Winner of the Western States Book Award for Creative Nonfiction
From Tucson to Bisbee is only a hundred-mile trip through the basin and range country of southeastern Arizona, but Richard Shelton makes it a memorable ride through time and experience. . . a memoir rich in the history of the area and in wisdom about the natural world. . . . Shelton has a generous sense of humor, a clear vision of the world and, ultimately, wonderful stories to tell.
Michael Pearson, New York Times Book Review
Humor, poignancy, humaneness, word magicthese all make Going Back To Bisbee
fit company with Dillard, Eiseley, Abbey, and Graves. . . . A beautiful book.
Journal of the West
A poet of elegance and precision.
Poet-professor Shelton offers his first full-length prose workand it's cause for celebration. . . . recalls the violent history of this long-isolated border area. . . . Shelton's literary touch is sure, and he seemingly achieves his effectsnostalgic, witty, inspirationalwith little effort. A delightful companion piece to Peter Mayle's A Year in Provence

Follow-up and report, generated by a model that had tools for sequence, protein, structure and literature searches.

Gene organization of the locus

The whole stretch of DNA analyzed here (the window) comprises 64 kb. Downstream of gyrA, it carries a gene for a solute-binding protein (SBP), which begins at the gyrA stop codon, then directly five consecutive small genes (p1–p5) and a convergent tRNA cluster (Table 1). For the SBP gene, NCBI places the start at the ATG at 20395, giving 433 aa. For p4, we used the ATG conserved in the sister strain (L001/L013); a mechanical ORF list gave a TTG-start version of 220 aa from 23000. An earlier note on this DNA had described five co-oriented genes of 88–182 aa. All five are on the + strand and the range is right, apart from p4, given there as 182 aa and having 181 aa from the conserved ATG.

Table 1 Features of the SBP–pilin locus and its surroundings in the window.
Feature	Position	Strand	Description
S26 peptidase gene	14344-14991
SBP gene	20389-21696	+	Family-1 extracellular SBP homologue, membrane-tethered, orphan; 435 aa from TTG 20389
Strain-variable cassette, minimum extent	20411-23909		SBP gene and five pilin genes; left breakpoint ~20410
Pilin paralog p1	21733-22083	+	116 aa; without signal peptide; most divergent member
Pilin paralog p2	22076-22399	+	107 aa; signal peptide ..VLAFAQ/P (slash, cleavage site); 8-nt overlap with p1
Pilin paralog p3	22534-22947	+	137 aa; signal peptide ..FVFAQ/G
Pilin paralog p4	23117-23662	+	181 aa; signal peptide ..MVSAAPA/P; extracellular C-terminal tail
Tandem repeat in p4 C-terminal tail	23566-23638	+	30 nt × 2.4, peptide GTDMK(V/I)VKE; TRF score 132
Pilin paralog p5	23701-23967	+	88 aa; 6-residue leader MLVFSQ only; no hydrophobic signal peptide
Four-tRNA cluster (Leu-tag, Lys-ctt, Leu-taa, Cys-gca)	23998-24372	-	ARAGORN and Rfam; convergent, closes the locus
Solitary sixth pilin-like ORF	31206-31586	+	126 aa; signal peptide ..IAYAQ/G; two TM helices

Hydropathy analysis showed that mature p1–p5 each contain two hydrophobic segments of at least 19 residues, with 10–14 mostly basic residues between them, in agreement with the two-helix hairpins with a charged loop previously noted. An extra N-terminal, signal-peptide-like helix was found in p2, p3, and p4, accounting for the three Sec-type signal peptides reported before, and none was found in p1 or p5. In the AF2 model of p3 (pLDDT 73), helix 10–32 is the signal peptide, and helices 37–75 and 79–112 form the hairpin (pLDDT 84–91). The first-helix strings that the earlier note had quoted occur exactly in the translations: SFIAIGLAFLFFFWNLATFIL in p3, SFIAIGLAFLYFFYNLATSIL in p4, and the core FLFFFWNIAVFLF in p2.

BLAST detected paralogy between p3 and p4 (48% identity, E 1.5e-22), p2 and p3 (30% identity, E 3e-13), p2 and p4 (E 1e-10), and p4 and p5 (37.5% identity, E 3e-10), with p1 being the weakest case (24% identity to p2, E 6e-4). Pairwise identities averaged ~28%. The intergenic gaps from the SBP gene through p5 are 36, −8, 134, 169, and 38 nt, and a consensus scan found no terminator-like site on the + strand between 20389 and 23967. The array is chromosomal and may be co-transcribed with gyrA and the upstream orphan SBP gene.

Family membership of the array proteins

He's a magician, hypnotizing his audience one moment with a tribute to coyotes, then waking them to a discussion of the Apache wars. . . . Shelton possesses great generosity of soul, a gift for observation, and golden sense of humor.
A powerful annal of place. . . . Shelton imbues landscapes, flora and fauna with resonance, imprinting themes of memory, history and human nature in the reader's mind. . . . Shelton knows the lore and life of Southern Arizona, and his diction, both precise and evocative, reflects his poetic skills.
There's so much in this book to discover, so many evocative passages and entertaining side trips.
Los Angeles Times Book Review
A heartfelt memoir, a spectacular natural and social history of a spectacular land. It is as fine a book as you will read this year.
San Diego Tribune
It enriches the life of the reader by reminding him of his own past. . . . A lyrical search to determine what has happened during a life lived and experienced.
El Paso Times